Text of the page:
Not like clockwork: why the landing is hard

Not like clockwork: why landing can be hard

Landing is always a lottery: sometimes the plane touches the ground gently, almost imperceptibly, and sometimes it’s as if it hits a washboard with all its might and rolls on it for a good couple of minutes. Dissatisfied passengers can loudly blame the pilot: they say, they are not lucky with firewood, and they should be somehow more careful. But in vain, because the pilot at such moments takes care of their safety, trying to cope with circumstances beyond his control. With which ones – now we'll figure it out.

High humidity

In cloudy, rainy or snowy weather, the thinnest layer of water forms on the runway. If the plane touches the ground smoothly, it simply will not be able to grip the surface, it will slide forward and not slow down in time. To prevent this from happening, the winged car has to be literally imprinted into the ground, providing sufficient traction with the strip.

Gusty wind

Wind is another dangerous weather whim: due to the sharp gusts that increase near the ground, the plane can shake noticeably, and even the most skilled pilot is unable to influence the elements. There are many places on the planet where nature is raging with might and main: for example, Narsarsuaq Airport in Greenland is located right next to the fjord, so strong winds and turbulence make landing a real test. Kansai Airport in Japan is based on an artificial island, and the work of pilots is complicated by earthquakes, cyclones and instability of the seabed. And in Hong Kong's Kai Tak, sandwiched in a dense ring of skyscrapers and mountains, crosswinds were blowing so strong that in 1998 the airport had to be closed. Goating, cassette and 6 more clever terms to show off while flying.

Type of aircraft

Most domestic aircraft – say, Tu-154 or Il-86 – are designed for a soft landing: before landing, the pilots hold them above the ground, at a height of about 1 m, and thereby achieve a light touch and smooth grinding. Foreign Boeings and Airbuses land at higher g-forces due to their design and pre-landing alignment procedures.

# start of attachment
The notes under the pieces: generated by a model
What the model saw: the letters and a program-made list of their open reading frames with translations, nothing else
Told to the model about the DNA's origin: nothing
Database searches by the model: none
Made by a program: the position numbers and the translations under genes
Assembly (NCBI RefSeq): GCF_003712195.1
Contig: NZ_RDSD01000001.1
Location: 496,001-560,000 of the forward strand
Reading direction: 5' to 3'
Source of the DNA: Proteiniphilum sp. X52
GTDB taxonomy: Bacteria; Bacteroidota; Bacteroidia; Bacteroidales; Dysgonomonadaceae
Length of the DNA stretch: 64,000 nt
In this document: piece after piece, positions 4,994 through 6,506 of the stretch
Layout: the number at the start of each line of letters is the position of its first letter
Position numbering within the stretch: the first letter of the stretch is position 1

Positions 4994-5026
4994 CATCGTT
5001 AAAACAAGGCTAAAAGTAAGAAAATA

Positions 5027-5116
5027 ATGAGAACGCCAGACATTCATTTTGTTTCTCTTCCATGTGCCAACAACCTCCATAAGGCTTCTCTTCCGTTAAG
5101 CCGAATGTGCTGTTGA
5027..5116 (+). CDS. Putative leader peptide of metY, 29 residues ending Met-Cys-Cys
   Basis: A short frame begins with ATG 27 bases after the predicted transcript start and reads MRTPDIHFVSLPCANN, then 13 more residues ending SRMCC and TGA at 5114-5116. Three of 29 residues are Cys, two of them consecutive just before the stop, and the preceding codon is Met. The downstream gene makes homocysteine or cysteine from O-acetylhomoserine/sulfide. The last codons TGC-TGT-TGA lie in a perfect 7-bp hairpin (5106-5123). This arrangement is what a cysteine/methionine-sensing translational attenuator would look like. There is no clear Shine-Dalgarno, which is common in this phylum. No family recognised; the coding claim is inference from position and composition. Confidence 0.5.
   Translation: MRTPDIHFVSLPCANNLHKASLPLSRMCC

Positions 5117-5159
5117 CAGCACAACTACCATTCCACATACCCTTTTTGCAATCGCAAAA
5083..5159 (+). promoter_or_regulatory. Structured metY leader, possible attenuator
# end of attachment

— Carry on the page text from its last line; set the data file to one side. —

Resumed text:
Irregular stripe

The quality of the coating also matters: if it is even and smooth, the landing will be softer, if it needs repair, you will have to jump a little. The surface of the runway at the Mariscal Sucre airport in Ecuador was so bumpy, the surrounding terrain was difficult, and the fogs were thick and frequent, that in 2013 a new modern air hub was opened instead of it, better equipped and better located. An imposing hill rises almost in the center of the strip at Courchevel Airport, and on one of the strips of Savannah Airport, the irregularities are completely eerie: the tombstones of Mr. and Mrs. Dotson, who owned these lands in the 19th century, are embedded in the coating.

The main runway at Gibson Airport in New Zealand is crossed by a railway line, and at Barra Airport in Scotland planes land right on the beach. It is unlikely that in such conditions it would occur to someone to scold the pilot for carelessness! Why does a flight attendant hide her hands behind her back when she meets passengers? Maybe she's hiding something?

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